Saturday, July 15, 2017

#196 / One Voice

The other day, as I pulled a tee shirt off a hanger in my closet, I reencountered the 2008 presidential campaign. Here's a shot of the tee shirt: "One voice ... can change the world."

I was pretty happy about the outcome of that 2008 election, and I was pretty hopeful about what was going to happen after Barack Obama won. Looking back, though, I think the "one voice" message on that tee shirt might have been misleading. I think it kind of let us all off the hook.

In a lot of ways, after 2008, we acted as though the "one voice" that had initially changed "a room" was going to be capable of changing "cities," "states," and the "nation," all by itself. A close reading does confirm that the phrasing used on the tee shirt (an official piece of Obama campaign paraphernalia) does suggest that it is the "one voice" that can change not only "a room," but "a city," and "a state," and "a nation" besides. If the "one voice" can do all that, of course, "the world" will be changed by definition. 

Here's the issue, which was the theme of my blog posting on July 3rd (More Followers): "One voice" can't, in fact, change "a city," or "a state," or "a nation." Here's how the process actually works: 

One voice can change a room (and if that is true)
One room can change a city (and since that's true)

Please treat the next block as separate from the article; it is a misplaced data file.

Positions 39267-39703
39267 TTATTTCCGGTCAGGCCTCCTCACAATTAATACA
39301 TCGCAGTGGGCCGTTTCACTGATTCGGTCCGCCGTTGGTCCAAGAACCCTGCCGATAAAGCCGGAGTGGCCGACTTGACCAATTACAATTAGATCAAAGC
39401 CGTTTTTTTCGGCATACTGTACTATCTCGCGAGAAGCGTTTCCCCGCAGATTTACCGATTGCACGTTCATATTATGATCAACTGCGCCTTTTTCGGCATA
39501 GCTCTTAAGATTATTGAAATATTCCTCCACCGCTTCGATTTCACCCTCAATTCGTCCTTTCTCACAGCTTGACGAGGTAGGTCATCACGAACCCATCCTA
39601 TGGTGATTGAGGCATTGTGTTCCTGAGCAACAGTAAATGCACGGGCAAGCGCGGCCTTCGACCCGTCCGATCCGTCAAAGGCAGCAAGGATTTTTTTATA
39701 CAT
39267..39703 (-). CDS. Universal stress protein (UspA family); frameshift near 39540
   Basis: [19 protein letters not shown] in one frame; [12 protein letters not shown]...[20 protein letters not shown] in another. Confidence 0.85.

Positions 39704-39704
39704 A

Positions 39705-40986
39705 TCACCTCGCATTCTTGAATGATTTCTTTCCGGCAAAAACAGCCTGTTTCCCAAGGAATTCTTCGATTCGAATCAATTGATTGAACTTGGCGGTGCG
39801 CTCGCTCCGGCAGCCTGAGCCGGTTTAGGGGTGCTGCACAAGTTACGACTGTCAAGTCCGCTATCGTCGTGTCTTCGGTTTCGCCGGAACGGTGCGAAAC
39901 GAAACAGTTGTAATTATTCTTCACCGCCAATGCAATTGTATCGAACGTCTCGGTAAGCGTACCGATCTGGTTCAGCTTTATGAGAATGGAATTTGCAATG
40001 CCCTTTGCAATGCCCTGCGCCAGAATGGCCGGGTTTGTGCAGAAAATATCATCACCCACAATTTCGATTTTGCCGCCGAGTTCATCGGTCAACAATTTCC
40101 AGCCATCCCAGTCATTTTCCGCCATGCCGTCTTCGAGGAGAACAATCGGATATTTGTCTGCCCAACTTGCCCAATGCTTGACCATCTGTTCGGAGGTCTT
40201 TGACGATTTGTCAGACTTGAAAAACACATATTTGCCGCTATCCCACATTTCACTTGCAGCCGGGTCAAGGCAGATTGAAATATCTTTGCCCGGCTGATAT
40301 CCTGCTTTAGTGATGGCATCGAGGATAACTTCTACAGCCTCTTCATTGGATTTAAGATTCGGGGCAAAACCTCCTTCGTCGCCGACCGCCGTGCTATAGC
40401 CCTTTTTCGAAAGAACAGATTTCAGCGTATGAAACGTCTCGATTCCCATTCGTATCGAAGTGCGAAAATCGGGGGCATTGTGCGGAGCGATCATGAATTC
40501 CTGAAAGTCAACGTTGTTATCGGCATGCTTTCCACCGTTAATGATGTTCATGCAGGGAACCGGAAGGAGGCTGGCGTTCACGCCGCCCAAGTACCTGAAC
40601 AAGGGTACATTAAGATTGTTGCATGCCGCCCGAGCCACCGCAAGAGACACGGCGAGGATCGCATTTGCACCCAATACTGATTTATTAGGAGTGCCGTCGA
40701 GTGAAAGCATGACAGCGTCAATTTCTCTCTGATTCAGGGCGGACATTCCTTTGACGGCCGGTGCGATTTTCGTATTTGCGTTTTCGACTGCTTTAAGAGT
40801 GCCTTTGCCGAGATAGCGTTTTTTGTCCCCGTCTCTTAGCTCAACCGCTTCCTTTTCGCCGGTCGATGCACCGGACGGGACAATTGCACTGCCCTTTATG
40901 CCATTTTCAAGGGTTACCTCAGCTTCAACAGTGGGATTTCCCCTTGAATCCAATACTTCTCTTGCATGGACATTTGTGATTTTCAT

One city can change a state (and, going on from there)
One state can change the nation.

Change only BEGINS with an individual, with that "one voice." After that, we all need to be involved, and speak out and take action ourselves. The "next steps" aren't individual, they require collective action. If we think that the "one voice" that we heard at first will be able to do it all, without the rest of us, we are going to be disappointed. We are going to find out that the world wasn't changed nearly as much as we thought it should be, or would be.

Waiting around for the "leaders" to take over and make it all happen is not the way to change the world. We are all going to have to work for the changes.

Next time around, when we hear that "one voice," let's not make that mistake again.

Image Credit:
Gary Patton personal photo.


  1. Replies
    1. It is my perception that after electing Obama, we all pretty much expected him to "carry the ball," and we acted as if "one" voice was enough to change the world. I think it takes a chorus.


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